The Lars Mapstead Roadster
When I feature a car, I typically send over a tech sheet for the owner to fill out. I then stare at that tech sheet along with the feature photos until I come up with some sort of an angle to write about. I’ve been doing exactly that for the past half hour or so – staring at the sheet that Lars Mapstead filled out and the photos that Tom Davison took of his roadster.
It’s not that I’m struggling to come with an angle – I’m not at all actually… It’s just that Lars beat me to it. Obviously, the motor is the focal point of this roadster and no story on it would be complete without a rundown of how it came to be. And I had planned to write a condensed history of the Dreyer setup, but I just kind of fell in love with the way Lars wrote about it on his tech sheet.
“In 1930, Pops Dreyer began development of a twin cam head for the 4-cylinder Ford Model A block – a project which he approached with care and attention to detail. He hired Everett DeLong to do the detail engineering and took the time to find the very best foundries and machine shops to produce a high quality engine that would rival in its performance the jewel-like products of Harry Miller and Augie Duesenberg. Design, pattern-making and development were delayed by the shop’s workload, which turned out to be serendipitous as in 1932, Ford introduced a vastly improved 4-cylinder engine – the Model B. Dreyer quickly adopted its much stronger block as the basis for his four. It was, of course, a dual overhead camshaft design using an adjustable 15-gear train for the cam drives.”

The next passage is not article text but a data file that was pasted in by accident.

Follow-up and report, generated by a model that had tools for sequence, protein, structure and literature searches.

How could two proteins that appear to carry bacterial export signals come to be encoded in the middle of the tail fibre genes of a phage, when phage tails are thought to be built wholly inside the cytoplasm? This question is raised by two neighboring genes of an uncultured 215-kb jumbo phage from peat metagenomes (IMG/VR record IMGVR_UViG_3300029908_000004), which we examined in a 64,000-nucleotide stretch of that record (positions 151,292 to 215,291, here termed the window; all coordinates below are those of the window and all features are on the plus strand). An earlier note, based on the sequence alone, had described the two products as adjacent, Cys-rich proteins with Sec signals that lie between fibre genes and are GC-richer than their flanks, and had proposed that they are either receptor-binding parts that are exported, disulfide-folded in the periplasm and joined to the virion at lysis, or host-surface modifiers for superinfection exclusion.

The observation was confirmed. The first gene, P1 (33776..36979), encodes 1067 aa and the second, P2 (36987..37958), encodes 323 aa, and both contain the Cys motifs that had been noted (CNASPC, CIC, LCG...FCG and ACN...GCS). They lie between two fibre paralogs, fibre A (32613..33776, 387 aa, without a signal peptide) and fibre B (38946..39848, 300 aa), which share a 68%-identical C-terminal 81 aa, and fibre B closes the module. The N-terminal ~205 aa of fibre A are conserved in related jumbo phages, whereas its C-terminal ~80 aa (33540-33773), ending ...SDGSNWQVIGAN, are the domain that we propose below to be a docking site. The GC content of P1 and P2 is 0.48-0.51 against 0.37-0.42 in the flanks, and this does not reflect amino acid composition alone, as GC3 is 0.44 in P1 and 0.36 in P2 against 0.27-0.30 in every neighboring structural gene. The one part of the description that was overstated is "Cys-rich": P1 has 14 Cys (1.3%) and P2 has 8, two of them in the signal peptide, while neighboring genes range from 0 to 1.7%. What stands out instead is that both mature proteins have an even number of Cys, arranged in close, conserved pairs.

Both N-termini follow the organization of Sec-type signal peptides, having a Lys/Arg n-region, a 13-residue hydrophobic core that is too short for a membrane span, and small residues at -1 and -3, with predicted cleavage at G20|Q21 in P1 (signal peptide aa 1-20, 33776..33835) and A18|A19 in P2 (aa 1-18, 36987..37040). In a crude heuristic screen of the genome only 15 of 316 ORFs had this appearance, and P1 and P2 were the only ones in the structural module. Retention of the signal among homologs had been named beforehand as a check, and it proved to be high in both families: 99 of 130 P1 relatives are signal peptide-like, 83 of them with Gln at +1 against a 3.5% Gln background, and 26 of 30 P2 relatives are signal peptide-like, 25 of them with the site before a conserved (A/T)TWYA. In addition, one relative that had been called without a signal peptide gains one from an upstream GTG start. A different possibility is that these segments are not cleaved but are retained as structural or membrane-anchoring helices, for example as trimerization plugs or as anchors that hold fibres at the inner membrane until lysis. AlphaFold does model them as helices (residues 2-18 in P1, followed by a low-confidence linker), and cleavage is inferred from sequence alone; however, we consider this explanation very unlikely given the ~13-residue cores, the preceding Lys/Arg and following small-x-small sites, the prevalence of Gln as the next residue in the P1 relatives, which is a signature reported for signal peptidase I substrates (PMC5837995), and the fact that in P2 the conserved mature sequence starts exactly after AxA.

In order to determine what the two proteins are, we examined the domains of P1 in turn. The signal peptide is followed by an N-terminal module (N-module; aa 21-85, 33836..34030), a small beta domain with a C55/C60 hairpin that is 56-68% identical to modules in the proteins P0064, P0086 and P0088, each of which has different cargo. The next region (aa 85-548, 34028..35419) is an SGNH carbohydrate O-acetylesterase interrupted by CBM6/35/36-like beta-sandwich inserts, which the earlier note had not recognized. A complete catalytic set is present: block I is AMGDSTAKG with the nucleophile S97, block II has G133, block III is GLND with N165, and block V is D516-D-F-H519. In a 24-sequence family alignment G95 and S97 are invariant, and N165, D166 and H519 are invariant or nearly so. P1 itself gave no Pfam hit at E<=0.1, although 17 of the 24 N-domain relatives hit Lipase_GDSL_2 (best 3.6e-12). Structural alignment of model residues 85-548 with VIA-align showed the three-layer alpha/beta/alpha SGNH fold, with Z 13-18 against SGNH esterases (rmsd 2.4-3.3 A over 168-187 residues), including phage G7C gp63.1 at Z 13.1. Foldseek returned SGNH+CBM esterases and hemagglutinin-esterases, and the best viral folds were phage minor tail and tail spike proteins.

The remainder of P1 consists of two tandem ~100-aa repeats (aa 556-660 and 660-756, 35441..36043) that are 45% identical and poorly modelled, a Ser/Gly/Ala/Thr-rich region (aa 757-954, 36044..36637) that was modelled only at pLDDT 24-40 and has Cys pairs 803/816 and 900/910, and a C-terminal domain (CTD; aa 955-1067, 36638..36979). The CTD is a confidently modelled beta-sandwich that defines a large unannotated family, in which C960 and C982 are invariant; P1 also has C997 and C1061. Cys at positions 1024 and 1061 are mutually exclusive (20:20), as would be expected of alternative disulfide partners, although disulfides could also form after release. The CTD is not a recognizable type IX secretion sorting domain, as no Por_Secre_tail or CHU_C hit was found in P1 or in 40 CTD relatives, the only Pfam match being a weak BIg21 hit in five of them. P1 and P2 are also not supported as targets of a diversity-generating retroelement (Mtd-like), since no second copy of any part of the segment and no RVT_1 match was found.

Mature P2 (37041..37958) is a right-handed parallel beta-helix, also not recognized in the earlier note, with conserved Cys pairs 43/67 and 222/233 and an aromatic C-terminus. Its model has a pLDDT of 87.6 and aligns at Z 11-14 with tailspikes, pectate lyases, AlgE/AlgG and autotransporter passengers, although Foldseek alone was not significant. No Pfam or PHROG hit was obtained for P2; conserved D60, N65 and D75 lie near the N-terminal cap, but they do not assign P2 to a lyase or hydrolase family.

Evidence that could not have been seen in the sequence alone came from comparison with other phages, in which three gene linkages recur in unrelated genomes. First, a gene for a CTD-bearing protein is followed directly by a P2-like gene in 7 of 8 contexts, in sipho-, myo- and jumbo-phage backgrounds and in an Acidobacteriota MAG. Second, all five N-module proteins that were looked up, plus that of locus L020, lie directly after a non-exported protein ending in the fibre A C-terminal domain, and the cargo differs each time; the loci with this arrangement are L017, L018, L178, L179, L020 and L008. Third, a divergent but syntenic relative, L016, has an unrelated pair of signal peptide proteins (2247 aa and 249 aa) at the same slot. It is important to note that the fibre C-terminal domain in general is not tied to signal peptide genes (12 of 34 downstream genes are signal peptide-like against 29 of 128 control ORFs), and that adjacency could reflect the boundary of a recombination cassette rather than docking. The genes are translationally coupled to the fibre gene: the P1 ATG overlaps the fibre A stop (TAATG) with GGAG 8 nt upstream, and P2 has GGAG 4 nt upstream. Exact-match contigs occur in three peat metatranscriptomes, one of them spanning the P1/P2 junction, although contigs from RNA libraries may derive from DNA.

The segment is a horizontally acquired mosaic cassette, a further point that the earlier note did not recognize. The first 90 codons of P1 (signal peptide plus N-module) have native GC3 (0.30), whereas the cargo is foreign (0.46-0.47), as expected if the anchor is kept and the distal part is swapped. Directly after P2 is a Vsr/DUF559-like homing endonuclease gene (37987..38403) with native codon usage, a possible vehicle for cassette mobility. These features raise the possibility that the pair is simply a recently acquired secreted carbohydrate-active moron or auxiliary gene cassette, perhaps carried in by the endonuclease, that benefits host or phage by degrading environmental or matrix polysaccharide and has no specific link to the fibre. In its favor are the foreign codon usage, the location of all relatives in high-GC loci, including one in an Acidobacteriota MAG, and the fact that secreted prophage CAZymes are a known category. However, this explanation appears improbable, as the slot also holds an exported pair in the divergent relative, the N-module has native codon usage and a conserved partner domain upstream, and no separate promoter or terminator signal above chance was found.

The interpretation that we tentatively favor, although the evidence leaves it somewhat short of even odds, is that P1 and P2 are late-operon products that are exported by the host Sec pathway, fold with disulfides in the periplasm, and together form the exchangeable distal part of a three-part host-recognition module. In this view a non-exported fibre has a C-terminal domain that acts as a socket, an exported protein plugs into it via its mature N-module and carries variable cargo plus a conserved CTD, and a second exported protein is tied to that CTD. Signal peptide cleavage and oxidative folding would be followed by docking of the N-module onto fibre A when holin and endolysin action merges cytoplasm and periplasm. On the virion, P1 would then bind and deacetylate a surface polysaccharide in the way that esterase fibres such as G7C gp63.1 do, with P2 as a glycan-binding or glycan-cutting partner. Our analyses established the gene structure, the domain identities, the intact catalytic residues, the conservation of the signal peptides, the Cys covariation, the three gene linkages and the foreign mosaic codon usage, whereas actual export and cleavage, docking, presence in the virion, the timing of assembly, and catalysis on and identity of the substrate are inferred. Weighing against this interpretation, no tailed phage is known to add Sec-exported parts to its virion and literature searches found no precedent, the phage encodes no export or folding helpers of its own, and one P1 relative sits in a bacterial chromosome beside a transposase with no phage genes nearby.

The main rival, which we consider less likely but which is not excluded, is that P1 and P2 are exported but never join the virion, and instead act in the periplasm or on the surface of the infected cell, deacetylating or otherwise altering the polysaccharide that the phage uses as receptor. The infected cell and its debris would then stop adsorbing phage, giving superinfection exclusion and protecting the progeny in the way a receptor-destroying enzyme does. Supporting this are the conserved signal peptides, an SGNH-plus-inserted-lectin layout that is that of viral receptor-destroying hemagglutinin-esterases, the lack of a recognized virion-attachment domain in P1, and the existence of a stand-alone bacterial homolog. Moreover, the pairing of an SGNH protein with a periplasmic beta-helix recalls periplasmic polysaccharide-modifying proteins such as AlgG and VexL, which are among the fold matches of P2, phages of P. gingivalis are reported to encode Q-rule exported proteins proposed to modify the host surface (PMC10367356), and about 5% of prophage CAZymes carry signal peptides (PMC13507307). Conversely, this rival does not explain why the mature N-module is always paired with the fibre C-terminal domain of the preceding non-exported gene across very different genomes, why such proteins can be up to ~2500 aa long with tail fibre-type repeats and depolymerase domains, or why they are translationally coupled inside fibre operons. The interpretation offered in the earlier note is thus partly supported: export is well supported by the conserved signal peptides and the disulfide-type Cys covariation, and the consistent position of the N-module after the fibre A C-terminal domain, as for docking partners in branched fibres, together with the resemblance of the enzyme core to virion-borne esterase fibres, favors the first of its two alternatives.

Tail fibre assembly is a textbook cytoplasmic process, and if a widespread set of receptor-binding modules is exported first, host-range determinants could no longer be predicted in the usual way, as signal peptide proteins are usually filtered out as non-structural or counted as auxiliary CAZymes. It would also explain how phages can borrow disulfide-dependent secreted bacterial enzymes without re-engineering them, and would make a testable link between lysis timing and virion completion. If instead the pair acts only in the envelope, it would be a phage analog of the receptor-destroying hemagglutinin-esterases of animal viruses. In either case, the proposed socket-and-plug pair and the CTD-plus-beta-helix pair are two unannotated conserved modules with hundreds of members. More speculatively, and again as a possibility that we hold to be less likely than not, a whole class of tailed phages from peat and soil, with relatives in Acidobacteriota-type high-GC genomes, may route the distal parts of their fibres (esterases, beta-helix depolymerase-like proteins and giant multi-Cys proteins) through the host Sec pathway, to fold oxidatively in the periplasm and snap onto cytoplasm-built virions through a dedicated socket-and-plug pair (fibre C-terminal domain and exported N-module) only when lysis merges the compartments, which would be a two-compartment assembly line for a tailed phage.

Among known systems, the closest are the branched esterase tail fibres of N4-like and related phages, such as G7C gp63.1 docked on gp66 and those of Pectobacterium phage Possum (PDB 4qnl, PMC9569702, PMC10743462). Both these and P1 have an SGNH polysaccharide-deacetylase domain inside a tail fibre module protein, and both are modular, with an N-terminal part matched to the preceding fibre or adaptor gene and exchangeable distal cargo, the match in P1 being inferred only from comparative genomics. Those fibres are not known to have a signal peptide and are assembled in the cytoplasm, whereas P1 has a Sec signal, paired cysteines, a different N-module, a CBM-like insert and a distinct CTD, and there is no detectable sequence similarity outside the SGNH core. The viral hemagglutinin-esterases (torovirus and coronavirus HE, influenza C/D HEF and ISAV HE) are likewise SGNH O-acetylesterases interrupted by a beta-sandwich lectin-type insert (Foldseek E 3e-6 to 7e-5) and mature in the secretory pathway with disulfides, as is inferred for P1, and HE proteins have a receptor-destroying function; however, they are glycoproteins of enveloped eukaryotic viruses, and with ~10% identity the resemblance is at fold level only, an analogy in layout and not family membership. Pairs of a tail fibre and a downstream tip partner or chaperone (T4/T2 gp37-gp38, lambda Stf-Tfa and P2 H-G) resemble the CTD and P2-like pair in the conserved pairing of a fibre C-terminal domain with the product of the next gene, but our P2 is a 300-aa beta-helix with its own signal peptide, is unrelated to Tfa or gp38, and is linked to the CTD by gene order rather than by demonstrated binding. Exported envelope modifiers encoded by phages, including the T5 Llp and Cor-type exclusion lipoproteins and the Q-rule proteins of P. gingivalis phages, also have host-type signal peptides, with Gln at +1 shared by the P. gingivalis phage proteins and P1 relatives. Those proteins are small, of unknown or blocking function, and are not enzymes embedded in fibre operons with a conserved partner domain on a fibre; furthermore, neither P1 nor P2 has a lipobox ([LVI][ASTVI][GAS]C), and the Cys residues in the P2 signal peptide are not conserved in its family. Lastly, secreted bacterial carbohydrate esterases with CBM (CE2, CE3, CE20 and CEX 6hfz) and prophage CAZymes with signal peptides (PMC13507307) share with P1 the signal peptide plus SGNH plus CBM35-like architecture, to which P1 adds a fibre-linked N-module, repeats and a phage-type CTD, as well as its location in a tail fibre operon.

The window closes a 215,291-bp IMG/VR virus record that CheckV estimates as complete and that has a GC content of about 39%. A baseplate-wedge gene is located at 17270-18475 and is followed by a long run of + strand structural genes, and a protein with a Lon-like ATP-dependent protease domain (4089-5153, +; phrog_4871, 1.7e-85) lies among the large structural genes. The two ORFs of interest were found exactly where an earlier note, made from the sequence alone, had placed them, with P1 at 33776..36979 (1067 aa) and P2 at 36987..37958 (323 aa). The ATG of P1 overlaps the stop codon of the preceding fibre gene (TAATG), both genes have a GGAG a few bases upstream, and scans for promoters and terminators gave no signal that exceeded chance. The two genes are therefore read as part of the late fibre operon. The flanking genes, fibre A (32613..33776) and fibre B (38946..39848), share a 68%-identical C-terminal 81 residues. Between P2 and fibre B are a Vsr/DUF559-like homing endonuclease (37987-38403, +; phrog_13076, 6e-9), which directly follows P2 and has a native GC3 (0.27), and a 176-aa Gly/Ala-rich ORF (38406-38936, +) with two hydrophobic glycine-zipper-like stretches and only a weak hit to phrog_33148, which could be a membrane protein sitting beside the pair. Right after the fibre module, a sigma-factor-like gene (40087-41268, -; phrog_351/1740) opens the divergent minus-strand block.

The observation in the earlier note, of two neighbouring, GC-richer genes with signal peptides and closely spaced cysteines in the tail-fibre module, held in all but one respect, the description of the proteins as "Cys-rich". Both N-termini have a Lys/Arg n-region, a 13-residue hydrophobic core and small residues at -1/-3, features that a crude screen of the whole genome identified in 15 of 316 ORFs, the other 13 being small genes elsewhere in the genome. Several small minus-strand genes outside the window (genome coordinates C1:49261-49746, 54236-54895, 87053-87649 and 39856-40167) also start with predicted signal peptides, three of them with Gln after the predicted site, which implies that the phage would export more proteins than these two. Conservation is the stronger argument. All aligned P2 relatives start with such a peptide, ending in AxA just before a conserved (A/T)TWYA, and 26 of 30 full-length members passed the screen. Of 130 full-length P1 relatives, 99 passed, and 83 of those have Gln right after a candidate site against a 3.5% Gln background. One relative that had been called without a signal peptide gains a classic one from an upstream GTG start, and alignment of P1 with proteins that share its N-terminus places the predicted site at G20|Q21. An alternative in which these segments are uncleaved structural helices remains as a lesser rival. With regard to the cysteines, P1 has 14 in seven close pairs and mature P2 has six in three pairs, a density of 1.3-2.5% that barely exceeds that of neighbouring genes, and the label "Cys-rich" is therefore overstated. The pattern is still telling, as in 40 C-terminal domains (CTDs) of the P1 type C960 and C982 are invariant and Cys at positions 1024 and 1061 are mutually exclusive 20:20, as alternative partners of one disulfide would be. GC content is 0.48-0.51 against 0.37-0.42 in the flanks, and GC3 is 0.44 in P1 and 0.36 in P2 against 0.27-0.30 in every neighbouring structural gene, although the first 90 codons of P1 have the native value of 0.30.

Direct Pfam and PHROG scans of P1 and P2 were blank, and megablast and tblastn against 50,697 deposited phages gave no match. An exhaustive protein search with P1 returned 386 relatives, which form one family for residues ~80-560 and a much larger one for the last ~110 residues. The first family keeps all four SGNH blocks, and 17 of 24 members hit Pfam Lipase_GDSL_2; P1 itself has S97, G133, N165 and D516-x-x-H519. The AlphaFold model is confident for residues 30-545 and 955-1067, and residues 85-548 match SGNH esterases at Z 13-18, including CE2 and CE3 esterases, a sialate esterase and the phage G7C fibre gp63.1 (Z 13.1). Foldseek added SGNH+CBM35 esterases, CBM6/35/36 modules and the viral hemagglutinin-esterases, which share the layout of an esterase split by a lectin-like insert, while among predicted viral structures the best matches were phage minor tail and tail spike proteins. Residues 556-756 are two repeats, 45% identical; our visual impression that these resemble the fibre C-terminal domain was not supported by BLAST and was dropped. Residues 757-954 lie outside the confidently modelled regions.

I think what I like so much about this passage from Lars is that you can kind of read between the lines and see not only how knowledgable Lars is, but how passionate he is about his roadster. The cadence, the words he chooses to use, everything… This is a man that knows just how special his little car is and he can communicate that not by beating his own chest, but by honoring the history that made it possible.
I love that… And I absolutely adore this car.
Essentially, it’s a stock ’32 roadster with the previously mentioned and very special motor, a few drivetrain changes to support that, and a few heavy things removed in the pursuit of speed. The ride height is unaltered and only the ’39 trans places the car in the vicinity of the 1940’s. Everything else points to this car being a very early effort to make a 1932 Ford go very, very fast.
People forget that when the flathead V8 first came out in 1932, it was still taking a backseat to the performance of the Model-B motor. While the new flathead had tons of untapped potential in front of it, there had been years of aftermarket R&D behind the banger and when it came to making torque, the flathead just wasn’t ready to compete against the little four quite yet.
So imagine its just before the outbreak of the war and you are wanting to build the quickest ’32 roadster on the street. Would you be more inclined to run a flathead V8 with maybe an early two-pot intake, a cam the manufacturer had a pretty good idea *might* work, and some heads to match? Or would you be better prepared with a double overhead cam setup driving the valves of Ford’s improved Model-B block?
The answer to that question is why I think this build is so smart. Lars had this special engine and instead of going all crazy by preparing a ’32 with every rare and/or damned part he could find, he kept it simple and pure to the point. He built the kind of car that you would actually find this motor sitting in if it were, in fact, 1938 or so.
This one is special fellas… and while the motor is certainly the focal point, it’s the vision of the owner’s overall build that makes it more than a sum of its parts.
Editor’s Note: After this one published I learned that Clayton’s Hot Rods was responsible for the build and thought it was appropriate to make sure that was listed here. Clayton knocked this one out of the park.
Lars also sent over a few build photos I thought you guys would enjoy: